Summit is a town in Muskogee County, Oklahoma, which was originally called South Muskogee. It is about seven miles south of Muskogee, where many Creek Indians and their slaves relocated after the passage of the Indian Removal Act of 1830.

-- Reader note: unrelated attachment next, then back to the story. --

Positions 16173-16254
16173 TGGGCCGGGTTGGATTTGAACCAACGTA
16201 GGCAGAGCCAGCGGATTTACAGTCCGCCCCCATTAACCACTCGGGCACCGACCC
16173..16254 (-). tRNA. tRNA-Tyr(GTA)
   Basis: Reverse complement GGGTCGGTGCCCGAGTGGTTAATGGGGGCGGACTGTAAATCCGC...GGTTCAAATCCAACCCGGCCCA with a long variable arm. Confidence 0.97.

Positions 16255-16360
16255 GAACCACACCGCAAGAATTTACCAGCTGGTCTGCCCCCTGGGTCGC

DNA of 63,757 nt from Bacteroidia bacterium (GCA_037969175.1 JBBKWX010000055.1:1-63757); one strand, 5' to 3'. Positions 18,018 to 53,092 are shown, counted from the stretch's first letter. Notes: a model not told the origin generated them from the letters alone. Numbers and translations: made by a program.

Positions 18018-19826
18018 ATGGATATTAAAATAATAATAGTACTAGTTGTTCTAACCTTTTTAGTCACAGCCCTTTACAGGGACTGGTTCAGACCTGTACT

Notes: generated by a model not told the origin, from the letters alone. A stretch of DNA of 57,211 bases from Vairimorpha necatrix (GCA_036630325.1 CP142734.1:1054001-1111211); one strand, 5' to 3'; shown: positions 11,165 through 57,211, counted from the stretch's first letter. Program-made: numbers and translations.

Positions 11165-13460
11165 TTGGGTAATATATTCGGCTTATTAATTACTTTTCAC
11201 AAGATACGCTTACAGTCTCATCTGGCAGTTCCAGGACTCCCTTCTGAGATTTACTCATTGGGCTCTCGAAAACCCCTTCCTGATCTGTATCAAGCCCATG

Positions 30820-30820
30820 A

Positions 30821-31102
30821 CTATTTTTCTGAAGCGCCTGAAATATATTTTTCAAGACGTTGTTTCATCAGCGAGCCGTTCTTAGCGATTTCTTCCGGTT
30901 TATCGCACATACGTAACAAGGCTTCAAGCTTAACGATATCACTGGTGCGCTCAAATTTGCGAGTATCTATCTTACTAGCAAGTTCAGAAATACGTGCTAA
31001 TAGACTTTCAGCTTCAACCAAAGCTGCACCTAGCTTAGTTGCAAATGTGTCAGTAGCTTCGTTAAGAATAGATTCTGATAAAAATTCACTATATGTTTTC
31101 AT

Some historians believe Summit got its name from being the highest point on the local railroad. Before World War II, some of the businesses in Summit included a garage, grocery store and a cotton gin. The town was not incorporated until 1980, but was always self-governed. Its W.E.B. Dubois school was on the National Register of Historic Places until it was destroyed by a fire in 1991. Its St. Thomas Primitive Baptist Church is listed in the Oklahoma Landmarks Inventory.